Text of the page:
Robotic Flower System for Bee Behavior
Erno Kuusela and Juho Lämsä, from the University of Oulu in Finland, have shared their design for an open source, computer controlled robotic flower system for studying bumble bee behavior.
Oh.. to be a honey bee.. collecting nectar from a robotic flower.. of open source design… splendid. As with behavioral studies from species common to neuroscience (rodents to drosophila to humans or zebrafish, etc), data collection for behavioral studies in bees can be time-consuming and sensitive to human error. Thanks to the growth in the open source movement, it’s easier than ever to develop hardware and software to automate such studies, which is what Kuusela and Lämsä have demonstrated in their publication. They developed a system of robotic flowers to study bee behavior. Their design features a control unit, based on an Arduino Mega 2560, which can collect data from and send inputs to up to 32 individual robotic flowers. Each flower contains its own servo controlled refill system. The nectar cup (in this design, a phillips screw head that can hold 1.7 uL!) is attached to servomotor’s shaft via a servo horn which, when prompted by the program, dips the cup into the flower’s individual nectar reservoir. The flower is designed in a way to capture data when an animal is feeding by the placement of IR beams that are broken when engaged on the flower’s feeding mechanism and sends data to the control unit. A covering on the system can be marked with symbols to attract bees. Custom control software is available on an open source license to be used as is, or modified to fit an experimenter’s needs. While developed and tested with bumble bees, the system can also be adapted for a number of species.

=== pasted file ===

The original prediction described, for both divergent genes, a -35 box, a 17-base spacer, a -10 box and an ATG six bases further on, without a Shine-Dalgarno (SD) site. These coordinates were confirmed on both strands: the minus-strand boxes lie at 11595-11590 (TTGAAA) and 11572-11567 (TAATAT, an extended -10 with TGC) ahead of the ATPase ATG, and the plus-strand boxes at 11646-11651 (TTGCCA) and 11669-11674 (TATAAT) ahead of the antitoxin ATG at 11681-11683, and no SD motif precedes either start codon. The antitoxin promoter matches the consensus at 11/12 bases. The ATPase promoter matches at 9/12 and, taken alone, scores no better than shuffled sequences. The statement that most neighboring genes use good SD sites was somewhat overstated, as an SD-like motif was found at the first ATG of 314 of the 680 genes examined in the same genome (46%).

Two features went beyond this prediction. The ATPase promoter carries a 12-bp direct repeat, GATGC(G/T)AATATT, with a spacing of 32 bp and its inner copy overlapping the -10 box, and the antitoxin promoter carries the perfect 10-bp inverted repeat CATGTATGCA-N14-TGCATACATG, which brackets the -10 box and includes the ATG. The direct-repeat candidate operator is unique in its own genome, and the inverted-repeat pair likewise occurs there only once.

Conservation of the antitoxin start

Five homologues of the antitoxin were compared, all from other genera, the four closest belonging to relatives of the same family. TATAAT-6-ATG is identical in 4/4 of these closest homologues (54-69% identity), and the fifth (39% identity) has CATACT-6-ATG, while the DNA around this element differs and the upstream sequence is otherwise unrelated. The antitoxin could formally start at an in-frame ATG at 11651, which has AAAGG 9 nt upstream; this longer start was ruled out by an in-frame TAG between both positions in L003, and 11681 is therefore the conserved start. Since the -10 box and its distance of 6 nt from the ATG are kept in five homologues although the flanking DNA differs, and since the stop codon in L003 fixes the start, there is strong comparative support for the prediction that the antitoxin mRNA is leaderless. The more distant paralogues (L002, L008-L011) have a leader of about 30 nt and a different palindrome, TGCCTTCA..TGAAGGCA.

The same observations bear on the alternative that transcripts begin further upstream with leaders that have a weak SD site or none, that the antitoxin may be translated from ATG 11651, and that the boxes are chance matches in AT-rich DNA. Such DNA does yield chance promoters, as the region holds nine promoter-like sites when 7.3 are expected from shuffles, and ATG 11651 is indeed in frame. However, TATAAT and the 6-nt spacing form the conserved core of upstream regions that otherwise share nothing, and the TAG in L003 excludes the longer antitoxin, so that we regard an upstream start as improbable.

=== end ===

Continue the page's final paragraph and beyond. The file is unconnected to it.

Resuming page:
This research tool was created by your colleagues. Please acknowledge the Principal Investigator, cite the article in which the tool was described, and include an RRID in the Materials and Methods of your future publications. RRID:SCR_021584
Find Out More!
Read more about specifics of this system in Kuusela & Lämsä (2016). The circuit diagrams, parts list, and control software and source code are available in the paper’s supplemental information.
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